Renae Maihi, the woman Sir Bob Jones is suing for defamation, became emotional as she gave evidence in court today, outlining why she believes the wealthy businessman is racist.
Also giving evidence today was the man who wrote Once Were Warriors, Alan Duff.
Through the trial, the courtroom is grappling with what's racist and what's not.
Today Ms Maihi detailed her experiences of racism before explaining how Sir Bob's newspaper column hurt her.
"I found the imagery of servitude and slavery of the column invoked to be offensive and racist," she told the court.
In the 2018 column, Sir Bob said Waitangi Day should be replaced with Māori Gratitude Day, and Māori bring Pākehā breakfast in bed.
He says it was clearly a joke.
"I recognise the author is not seriously calling for Māori to bring breakfast in bed. I nevertheless knew the imagery of Māori servitude was racist and it would empower sections of society and inflaming anti-Māori views," Ms Maihi said.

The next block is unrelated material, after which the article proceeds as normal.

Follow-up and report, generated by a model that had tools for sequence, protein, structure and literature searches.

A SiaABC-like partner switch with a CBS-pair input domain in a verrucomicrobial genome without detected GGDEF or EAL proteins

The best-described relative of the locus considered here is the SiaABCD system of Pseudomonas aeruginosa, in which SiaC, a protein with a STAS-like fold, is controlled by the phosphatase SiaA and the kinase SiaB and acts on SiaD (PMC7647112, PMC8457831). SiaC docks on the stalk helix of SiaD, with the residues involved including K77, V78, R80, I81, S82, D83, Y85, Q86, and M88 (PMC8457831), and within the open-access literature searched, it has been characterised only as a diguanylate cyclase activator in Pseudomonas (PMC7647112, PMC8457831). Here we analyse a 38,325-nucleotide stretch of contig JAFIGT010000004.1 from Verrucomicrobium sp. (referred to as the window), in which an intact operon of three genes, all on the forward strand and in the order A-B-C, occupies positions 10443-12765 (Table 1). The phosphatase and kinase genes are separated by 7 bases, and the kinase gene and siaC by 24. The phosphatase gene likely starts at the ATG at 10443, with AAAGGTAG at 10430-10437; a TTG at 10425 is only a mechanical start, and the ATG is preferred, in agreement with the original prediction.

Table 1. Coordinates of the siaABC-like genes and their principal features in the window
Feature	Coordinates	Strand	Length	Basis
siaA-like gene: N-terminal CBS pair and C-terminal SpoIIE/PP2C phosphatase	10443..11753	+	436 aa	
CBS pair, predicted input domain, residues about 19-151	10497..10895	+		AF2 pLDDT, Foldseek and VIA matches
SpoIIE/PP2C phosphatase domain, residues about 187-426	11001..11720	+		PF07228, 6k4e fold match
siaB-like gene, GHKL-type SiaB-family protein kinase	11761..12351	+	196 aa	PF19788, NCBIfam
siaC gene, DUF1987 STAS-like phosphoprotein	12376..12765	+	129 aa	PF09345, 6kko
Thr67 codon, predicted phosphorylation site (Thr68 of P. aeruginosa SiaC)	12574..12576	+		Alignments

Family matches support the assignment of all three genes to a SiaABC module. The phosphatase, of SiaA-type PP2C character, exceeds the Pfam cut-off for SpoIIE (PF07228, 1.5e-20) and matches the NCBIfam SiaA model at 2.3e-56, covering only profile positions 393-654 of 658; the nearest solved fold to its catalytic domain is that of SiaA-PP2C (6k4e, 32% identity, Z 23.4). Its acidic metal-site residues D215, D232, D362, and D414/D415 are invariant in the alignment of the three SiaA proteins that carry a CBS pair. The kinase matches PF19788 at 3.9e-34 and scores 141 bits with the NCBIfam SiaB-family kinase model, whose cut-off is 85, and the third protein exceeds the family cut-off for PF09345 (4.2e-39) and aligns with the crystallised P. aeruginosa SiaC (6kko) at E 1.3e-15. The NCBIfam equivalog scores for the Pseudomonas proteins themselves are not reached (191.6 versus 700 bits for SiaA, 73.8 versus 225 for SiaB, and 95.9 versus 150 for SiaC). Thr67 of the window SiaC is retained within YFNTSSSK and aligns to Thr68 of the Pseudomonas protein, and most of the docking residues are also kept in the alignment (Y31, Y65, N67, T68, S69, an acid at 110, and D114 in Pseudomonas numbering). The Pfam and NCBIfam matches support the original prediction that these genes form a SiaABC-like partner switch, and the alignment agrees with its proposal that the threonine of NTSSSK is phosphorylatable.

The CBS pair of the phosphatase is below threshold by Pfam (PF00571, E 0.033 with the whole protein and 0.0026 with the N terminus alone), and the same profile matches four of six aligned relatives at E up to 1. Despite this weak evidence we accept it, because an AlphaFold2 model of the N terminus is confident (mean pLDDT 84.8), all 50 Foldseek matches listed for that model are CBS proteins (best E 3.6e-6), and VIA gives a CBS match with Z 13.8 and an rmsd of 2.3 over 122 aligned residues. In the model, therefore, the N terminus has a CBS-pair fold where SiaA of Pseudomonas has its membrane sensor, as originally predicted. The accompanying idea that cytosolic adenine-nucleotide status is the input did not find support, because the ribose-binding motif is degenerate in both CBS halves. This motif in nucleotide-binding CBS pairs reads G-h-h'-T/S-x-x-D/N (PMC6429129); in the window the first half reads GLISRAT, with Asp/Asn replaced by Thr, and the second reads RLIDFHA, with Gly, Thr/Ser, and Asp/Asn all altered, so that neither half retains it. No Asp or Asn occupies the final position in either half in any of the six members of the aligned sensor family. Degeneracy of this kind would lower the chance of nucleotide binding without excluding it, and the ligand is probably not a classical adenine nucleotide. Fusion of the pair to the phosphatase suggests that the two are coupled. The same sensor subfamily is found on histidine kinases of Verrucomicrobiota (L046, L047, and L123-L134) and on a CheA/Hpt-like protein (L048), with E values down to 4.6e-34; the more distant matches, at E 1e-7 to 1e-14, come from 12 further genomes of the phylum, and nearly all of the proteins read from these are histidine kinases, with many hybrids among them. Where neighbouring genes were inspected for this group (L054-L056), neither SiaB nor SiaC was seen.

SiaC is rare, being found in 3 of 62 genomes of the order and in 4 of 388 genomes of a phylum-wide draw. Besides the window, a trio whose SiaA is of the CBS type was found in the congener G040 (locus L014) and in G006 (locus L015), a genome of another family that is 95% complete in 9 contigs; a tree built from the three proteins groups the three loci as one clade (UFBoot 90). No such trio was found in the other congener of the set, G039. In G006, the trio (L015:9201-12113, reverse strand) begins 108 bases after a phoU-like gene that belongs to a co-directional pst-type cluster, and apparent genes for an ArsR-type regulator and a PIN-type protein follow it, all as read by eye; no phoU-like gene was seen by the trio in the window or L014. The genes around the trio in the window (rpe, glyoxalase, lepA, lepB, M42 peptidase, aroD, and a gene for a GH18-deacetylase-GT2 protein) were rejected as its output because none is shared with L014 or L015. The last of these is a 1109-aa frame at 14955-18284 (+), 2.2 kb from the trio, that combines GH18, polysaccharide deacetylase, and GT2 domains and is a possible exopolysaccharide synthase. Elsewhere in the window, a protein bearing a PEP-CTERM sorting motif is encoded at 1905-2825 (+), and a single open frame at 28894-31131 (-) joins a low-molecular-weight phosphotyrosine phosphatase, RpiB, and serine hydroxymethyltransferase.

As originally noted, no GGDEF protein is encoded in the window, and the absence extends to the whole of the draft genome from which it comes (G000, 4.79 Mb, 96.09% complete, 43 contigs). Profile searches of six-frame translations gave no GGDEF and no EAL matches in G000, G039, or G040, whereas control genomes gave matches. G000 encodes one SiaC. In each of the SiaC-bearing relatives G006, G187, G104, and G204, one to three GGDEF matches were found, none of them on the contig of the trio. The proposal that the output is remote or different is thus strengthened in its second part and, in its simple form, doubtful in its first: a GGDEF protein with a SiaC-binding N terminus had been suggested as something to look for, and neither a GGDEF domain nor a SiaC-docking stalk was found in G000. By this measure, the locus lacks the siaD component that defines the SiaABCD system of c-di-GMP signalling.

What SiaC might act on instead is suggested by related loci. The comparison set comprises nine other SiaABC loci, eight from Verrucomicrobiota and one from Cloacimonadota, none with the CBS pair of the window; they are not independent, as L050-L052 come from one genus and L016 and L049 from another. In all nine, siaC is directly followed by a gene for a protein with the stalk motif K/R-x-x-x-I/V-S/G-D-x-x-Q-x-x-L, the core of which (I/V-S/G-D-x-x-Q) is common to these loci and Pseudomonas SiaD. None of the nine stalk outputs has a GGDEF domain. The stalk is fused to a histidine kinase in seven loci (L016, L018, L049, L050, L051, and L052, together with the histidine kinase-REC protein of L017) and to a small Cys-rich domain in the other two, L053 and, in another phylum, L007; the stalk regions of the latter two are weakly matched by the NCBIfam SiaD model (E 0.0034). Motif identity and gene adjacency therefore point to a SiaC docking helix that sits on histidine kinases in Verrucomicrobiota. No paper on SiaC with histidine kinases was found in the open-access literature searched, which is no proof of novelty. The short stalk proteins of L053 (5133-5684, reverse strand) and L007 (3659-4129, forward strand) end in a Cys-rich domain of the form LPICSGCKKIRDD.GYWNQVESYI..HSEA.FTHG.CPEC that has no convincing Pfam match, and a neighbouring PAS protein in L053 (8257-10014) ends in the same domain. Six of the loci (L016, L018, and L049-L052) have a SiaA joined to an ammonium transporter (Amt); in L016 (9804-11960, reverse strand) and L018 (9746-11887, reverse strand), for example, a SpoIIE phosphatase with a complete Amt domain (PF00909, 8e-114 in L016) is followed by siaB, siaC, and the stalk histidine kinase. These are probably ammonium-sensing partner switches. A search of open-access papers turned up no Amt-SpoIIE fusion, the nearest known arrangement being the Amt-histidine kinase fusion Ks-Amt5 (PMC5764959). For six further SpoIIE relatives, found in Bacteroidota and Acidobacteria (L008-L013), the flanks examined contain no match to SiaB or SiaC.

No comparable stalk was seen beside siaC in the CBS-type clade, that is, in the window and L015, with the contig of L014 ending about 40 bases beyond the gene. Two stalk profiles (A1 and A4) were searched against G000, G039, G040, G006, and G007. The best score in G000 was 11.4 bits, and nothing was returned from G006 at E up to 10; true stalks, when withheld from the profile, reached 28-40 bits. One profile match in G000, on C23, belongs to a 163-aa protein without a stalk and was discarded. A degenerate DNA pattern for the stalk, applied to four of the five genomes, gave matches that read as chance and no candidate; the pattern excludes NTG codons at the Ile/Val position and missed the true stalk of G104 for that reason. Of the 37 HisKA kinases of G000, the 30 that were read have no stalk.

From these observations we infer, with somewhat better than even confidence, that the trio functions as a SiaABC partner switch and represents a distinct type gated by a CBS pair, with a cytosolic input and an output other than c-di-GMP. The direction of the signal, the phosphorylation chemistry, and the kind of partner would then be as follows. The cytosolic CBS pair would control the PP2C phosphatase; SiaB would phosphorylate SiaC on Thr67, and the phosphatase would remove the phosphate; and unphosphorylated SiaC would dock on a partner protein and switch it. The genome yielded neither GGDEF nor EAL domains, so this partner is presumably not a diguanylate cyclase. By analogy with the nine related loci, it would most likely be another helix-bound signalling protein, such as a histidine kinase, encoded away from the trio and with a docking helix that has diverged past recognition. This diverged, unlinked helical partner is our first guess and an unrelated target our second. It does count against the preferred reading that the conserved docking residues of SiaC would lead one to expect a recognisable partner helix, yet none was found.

Her petition in response to the column called Sir Bob racist, an author of hate speech and for his knighthood to be stripped.
Sir Bob says she defamed him, motivated by attention.
"I have in no way enjoyed the attention, nor the publicity that came with starting the petition," Ms Maihi told the court today.
"I spoke out to defend the mana of my people."
The defence argues Ms Maihi calling Sir Bob racist is her honest opinion and the truth.
It also points to more than 50 articles where Sir Bob made controversial comments about Māori.
"What was said by Sir Robert in the early days could not properly be said now without immediately being described as racist," defence lawyer Davey Salmon said today.
The defence also argued joking doesn't diffuse racism.
"The question about Sir Robert's jokes is not whether they were jokes or not. Of course no one thought they were expecting breakfast in bed. The question is what the target is," Mr Salmon says.
Sir Bob wasn't in court today, but the man whose book he's been carrying was.
Alan Duff, author of Once Were Warriors, said he didn't always find his friend's columns funny, but insisted he's not racist.
"There is an element in this country that wallows in playing the victim, taking offence and everything and anything. This element I believe is trying to shut down voices like mine and Bob's," he told the court.
The defence continues tomorrow.